The Baltic states should be allowed the opportunity to remodel their force structures in accordance with changed territorial security circumstances. NATO remains a multi-purpose alliance committed to collective defence, cooperative security and crisis management. Despite concerns over territorial defence, the Baltic states have previously been eager to respond to NATO expectations and contribute to out-of-area crisis management efforts, particularly in Afghanistan.
Participation in international missions has brought many side-benefits for Baltic military improvement. However, following Russia’s recent resurgence, Baltic defence planners need to focus their limited resources on military force structures that will facilitate a “deterrence by denial” strategy.
For the small Baltic militaries, this means developing tactics and leveraging military technology that will frustrate, bleed and limit the advancement of any encroaching enemy force. The Baltic states should be exempt from NATO-wide contribution expectations for any future crisis management missions. Instead, Baltic defence planners should selectively choose their missions based on the military development opportunities they offer.
Coordinating Nordic-Baltic defence
The security interdependence between the Nordic and Baltic states has increased considerably over the past decade. Maritime security has become one of the most pressing issues. Connections providing critical energy and communications infrastructure link many states in the region. Many key connections pass underneath the Baltic Sea.
In the event of a crisis breaking out around the Baltic Sea, secure access to this infrastructure becomes crucial to ensuring that NATO has the widest possible freedom of movement should the alliance need to react in defence of any one of its allies. As Finland and Sweden are key provider states within these developing Nordic-Baltic infrastructural networks, NATO should ensure that both these partner countries are given the option to be integrated strongly within the relevant contingency planning structures.
Maritime security issues also centre on the strategic position of Gotland (Sweden) and the Åland Islands (Finland). Defence of the Åland Islands is complicated by the demilitarized status they hold under international law. Gotland was demilitarized after the Cold War but has recently been remilitarized: in light of potential danger, Sweden is establishing a precautionary 300 strong battlegroup on the island. The Swedish defence analyst, Karlis Neretnieks, has argued that should Russia capture Gotland, which is located in the centre of the Baltic Sea, their forces could position mobile surface-to-air missiles there. While placing the security of NATO’s allies in the region at risk, such a move would again potentially restrict NATO’s freedom of movement in the effort to respond in defence of these allies. The same logic can apply in the case of the Åland Islands.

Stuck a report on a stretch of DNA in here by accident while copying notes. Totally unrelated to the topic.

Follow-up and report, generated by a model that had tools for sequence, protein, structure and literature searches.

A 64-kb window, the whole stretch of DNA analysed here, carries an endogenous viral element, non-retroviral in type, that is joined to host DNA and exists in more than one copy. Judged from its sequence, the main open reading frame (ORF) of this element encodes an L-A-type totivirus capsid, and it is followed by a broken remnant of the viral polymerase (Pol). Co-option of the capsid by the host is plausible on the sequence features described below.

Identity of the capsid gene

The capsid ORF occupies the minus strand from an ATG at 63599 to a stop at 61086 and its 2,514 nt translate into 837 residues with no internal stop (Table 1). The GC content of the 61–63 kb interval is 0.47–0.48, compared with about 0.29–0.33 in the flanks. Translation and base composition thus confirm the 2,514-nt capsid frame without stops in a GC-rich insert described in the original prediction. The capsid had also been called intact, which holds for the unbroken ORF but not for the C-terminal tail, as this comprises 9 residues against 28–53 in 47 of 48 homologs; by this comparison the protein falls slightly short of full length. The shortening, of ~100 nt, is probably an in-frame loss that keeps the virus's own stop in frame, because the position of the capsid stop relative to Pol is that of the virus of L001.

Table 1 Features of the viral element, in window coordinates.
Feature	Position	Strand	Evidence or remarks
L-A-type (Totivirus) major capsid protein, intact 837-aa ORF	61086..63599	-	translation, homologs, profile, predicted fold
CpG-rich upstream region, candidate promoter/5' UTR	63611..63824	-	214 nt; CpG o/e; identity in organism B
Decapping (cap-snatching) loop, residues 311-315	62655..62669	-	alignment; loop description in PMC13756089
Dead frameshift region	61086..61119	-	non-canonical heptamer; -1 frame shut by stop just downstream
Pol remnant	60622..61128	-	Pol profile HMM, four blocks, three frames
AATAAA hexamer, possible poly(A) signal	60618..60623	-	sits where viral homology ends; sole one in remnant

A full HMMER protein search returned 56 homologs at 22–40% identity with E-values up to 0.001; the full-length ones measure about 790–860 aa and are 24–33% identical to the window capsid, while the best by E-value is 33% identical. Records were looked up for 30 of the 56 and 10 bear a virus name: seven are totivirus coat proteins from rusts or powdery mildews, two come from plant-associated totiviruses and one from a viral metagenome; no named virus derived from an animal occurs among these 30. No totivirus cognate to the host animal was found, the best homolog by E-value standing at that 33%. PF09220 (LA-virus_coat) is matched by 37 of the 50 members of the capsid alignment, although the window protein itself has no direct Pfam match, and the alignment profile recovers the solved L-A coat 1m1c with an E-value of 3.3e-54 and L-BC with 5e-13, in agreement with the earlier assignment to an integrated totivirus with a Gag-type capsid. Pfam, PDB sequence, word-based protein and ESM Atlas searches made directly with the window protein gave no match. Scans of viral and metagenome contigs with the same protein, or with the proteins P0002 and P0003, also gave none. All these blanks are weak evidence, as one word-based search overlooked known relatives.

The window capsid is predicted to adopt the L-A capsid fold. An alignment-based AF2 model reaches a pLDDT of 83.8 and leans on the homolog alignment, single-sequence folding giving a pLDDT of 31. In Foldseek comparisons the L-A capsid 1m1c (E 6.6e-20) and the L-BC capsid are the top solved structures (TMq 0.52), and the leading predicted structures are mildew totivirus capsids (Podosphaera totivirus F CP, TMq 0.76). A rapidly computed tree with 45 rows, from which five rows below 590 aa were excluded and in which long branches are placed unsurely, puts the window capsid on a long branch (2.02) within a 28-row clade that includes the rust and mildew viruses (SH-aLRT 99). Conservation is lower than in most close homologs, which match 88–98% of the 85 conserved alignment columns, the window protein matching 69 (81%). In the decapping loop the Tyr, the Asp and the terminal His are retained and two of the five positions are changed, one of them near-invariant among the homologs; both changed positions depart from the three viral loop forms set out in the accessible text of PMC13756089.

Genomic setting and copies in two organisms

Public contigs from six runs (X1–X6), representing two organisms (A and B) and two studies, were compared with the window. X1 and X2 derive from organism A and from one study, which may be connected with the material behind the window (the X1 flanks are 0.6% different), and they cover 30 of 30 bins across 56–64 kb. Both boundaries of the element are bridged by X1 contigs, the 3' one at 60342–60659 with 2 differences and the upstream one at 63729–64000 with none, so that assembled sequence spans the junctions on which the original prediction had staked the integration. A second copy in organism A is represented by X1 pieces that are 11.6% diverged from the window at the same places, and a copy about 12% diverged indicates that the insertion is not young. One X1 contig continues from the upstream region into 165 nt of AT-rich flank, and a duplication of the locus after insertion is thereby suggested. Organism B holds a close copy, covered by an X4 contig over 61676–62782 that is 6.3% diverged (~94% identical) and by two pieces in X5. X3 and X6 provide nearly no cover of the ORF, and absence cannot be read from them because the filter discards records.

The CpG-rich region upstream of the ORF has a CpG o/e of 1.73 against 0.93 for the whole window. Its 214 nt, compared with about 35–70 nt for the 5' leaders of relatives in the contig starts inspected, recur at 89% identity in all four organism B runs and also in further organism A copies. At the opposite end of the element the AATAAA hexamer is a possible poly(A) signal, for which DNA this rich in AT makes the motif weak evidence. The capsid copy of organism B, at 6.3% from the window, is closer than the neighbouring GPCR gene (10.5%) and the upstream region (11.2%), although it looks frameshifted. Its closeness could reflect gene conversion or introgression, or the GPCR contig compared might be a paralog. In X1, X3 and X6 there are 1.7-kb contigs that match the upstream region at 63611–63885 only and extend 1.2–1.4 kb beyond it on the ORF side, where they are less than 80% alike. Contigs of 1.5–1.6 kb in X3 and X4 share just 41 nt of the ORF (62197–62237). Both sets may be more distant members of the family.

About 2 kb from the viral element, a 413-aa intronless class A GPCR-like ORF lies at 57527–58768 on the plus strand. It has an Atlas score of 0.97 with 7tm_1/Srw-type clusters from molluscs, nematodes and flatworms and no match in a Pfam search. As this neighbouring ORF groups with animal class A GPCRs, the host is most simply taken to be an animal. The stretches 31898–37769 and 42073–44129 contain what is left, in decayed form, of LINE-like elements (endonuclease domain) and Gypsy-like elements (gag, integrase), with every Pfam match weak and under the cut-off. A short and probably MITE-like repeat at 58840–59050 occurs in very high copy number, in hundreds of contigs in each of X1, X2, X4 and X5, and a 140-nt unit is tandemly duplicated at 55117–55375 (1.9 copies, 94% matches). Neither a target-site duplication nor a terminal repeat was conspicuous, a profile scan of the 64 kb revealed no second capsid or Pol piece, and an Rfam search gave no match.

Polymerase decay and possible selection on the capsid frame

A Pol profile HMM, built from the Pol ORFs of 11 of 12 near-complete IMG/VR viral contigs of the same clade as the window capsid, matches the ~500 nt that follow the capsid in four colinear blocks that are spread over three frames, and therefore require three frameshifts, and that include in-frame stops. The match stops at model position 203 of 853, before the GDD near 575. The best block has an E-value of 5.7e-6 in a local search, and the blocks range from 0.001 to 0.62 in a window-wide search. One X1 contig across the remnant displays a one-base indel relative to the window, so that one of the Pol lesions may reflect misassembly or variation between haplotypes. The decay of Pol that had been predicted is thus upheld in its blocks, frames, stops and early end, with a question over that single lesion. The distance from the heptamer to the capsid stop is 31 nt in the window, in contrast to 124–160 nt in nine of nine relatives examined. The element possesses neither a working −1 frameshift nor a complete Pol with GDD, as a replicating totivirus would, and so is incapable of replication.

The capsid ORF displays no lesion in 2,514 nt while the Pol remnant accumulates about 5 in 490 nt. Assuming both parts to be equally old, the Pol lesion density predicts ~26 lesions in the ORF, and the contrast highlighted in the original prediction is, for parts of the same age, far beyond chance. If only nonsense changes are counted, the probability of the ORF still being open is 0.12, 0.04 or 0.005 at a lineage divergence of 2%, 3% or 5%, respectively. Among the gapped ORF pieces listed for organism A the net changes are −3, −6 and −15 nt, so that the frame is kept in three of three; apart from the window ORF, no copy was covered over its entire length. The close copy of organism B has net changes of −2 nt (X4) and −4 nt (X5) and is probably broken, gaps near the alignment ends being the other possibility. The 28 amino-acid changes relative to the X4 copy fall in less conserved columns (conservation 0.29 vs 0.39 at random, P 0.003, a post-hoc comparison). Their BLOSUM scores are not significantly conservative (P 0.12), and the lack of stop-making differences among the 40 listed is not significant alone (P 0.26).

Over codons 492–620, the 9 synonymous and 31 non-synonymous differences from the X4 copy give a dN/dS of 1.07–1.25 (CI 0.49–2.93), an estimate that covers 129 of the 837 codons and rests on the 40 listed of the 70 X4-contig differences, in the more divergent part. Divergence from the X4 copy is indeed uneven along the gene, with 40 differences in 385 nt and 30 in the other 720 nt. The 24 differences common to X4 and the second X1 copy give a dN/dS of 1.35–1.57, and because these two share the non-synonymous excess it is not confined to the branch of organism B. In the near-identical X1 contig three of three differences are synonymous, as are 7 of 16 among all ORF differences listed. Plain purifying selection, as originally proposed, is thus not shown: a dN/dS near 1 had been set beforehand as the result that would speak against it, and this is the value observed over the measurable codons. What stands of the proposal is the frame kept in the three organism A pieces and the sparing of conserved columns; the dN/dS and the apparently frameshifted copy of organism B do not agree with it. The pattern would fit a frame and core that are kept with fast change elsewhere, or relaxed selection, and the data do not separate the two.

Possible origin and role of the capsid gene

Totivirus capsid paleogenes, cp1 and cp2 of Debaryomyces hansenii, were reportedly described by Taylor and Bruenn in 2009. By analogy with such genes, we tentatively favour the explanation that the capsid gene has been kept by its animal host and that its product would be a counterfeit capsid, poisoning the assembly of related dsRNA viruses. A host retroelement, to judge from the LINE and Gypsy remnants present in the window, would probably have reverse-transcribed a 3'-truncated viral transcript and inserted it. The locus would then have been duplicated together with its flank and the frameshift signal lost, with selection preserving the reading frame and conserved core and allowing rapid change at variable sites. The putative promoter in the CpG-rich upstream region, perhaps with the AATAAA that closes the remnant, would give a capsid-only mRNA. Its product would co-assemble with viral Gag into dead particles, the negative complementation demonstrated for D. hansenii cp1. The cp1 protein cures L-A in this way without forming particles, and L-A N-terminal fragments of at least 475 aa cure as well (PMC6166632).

Security for Gotland and the Åland Islands rests with Sweden and Finland respectively. However, the strategic position of these islands with respect to wider regional defence strengthens the argument that, as key Alliance partners, Sweden and Finland should seek to further synchronize their maritime security planning with NATO and individual Allies in the region.
Overcoming political obstacles
The Ukraine crisis has brought Nordic and Baltic security perceptions closer together. However, some intricate differences remain. This is the case particularly between Finland and Estonia. While cooperation thrives in other political and economic areas, the policy divide concerning some defence issues runs deep. Issues of Russia policy bring to the surface the differing approaches that have developed between both the Finnish and Baltic foreign policies.
Finland seeks to put improved defence arrangements in place in a way that minimizes confrontation with Moscow. The Baltic states, on the other hand, have frequently strived to communicate to their fellow members in NATO and the European Union the threat that Russia poses to European security order. In this sense, the view from Helsinki might be that Baltic leaders needlessly add tension to their relations with Russia, creating risk and making greater Finnish involvement in wider regional defence less attractive. Improved political understanding on both sides is required to overcome these difficulties.
The reformed concept of Nordic Defence Cooperation (NORDEFCO) announced in November 2014 to include close partnership with the three Baltic states should act as an environment where an improved cooperative ethic can be achieved. All participating states should take firm advantage of the benefits that a “new” NORDEFCO might offer.
Closer links between NATO and NORDEFCO
Increasing links with NATO in a wider sense stands to widen the pool of expertise available for NORDEFCO’s development. Finland and Sweden are already benefitting from enhanced opportunities for cooperation and dialogue with NATO since 2014. Moreover, Denmark and Sweden agreed to expand defence cooperation in January 2016, demonstrating the higher emphasis on defence policy within the mainstream Nordic political agenda.
As all militaries in the Nordic-Baltic region require similar specifications in procuring equipment, the NORDEFCO environment provides opportunities to reduce financial burdens by bringing greater economies of scale to bear for joint procurements. With a strong argument present to advocate cold weather operations as a core focus, the NORDEFCO framework facilitates opportunities for a greater number of joint military exercises that promise to hone better military interoperability in the Nordic-Baltic region.
The underlying compatibility between the Nordic and Baltic defence systems is strong. As is the case with Estonia and Lithuania, territorial defence planning in most Nordic states includes strong conscript elements.
Finally, from a wider NATO perspective, more NORDEFCO exercises should also be open to allies from outside the region, such as the Germany, France, Poland, the United Kingdom and the United States, which stand to be important contributors under the RAP framework to defence in the Baltic Sea region. This type of wider security cooperation centred on Nordic leadership has previously been conducted to prepare for peace-support operations, for example, the Swedish-led “Viking” exercises. Given the current Nordic-Baltic security situation, there should also be scope to widen this cooperation into the area of territorial defence.
Cover: Danish Air Force’s F-16 in Ämari Air Base, Estonia, in 2014 (photo by Gen Vagula)